I've been asked to write a follow-up piece after winning the Park City trip report contest, and I figured I'd go into my process a little bit.
Trips. For those of us who don't live in an adrenaline junky's paradise, trips are required (for me at least) to get a satisfactory escape from everyday life. I find when I don't have a trip planned, my mood deteriorates and I start ruminating on what "my purpose" is and get that quarter life crisis feeling, and then feel even worse when I realize it's probably more accurately a one-third life crisis. It's a bad place.
When I finally do plan an escape from the daily grind (thanks everybody who voted!), a purpose does come to mind: I want to have a great time, and I want to document it well so I can share my experiences, and to a greater extent, preserve them so I can go back and experience them later. It'd be nice if I could convince myself that I should keep that as my goal all the time, but day jobs, traffic jams, and daily chores seem to be effective deterrents for me. When I'm not on a trip or seeing live music, my camera collects too much dust.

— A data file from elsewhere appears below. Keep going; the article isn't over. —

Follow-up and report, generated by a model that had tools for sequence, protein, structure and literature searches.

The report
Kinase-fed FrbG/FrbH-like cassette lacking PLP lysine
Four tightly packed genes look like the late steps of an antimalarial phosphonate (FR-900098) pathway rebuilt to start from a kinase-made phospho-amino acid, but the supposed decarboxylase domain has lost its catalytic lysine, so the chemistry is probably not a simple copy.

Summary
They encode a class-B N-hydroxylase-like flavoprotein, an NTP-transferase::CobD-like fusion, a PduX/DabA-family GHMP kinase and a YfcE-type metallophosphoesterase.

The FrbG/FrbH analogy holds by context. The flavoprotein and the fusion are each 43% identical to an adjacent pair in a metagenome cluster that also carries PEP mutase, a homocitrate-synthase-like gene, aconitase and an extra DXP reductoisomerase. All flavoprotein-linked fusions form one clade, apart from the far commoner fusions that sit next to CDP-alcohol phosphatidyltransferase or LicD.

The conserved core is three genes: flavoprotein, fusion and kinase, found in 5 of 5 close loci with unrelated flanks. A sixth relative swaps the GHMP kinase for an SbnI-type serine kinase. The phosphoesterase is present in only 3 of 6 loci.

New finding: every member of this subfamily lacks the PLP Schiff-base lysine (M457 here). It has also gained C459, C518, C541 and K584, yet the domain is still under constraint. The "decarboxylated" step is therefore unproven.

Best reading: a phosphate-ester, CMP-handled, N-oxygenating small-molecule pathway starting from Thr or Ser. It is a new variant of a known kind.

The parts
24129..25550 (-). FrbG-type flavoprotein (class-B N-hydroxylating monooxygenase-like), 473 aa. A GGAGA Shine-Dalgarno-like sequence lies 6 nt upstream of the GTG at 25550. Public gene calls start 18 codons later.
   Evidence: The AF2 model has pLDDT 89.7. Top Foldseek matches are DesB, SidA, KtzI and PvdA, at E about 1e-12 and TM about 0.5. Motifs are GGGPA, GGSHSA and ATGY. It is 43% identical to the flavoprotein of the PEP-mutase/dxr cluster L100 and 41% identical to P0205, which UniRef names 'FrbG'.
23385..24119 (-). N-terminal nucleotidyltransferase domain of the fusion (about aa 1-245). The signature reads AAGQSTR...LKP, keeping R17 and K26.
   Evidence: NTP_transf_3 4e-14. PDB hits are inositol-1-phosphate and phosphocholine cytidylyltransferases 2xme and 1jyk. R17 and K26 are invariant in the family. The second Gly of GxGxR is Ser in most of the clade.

Because of the fleeting nature of these escapes from reality, I take particular care in capturing the experiences I've had. It's all worth it when I can look at a picture from years ago and it suddenly brings up a memory of the conversation I was having with my friend as I took the picture, or the burning sensation in my legs from climbing up the mountain I was on, or how good that sip of post-ride beer felt. I can't help but feel that those memories would be lost if it weren't for these pictures and videos.
For anybody who has the same compulsion, I've compiled a few tips here, starting with a big one:
Tip #1: The Best Camera is the One You Have With You.
Even iPhones have come a long way, but toting around something like this tiny-yet-powerful Sony RX100 m3 have made a huge difference.
You might have heard that before, and it's a particularly true statement for those of us with adrenaline addictions. We tend to do cool looking things in cool locations. Sometimes we want to capture those moments, and most of the time, a bag full of professional camera gear isn't an option. Most of us aren't sponsored by Red Bull.
You can get by with a GoPro or Action Cam of course, but that constant viewpoint and lens distortion can get old fast when you're trying to put together a nice compilation video, and the photos, while okay, aren't that great. Previously, my attempts to get around this involved sacrificing a large part of whatever pack I had on to my comparatively giant DSLR and a few lenses.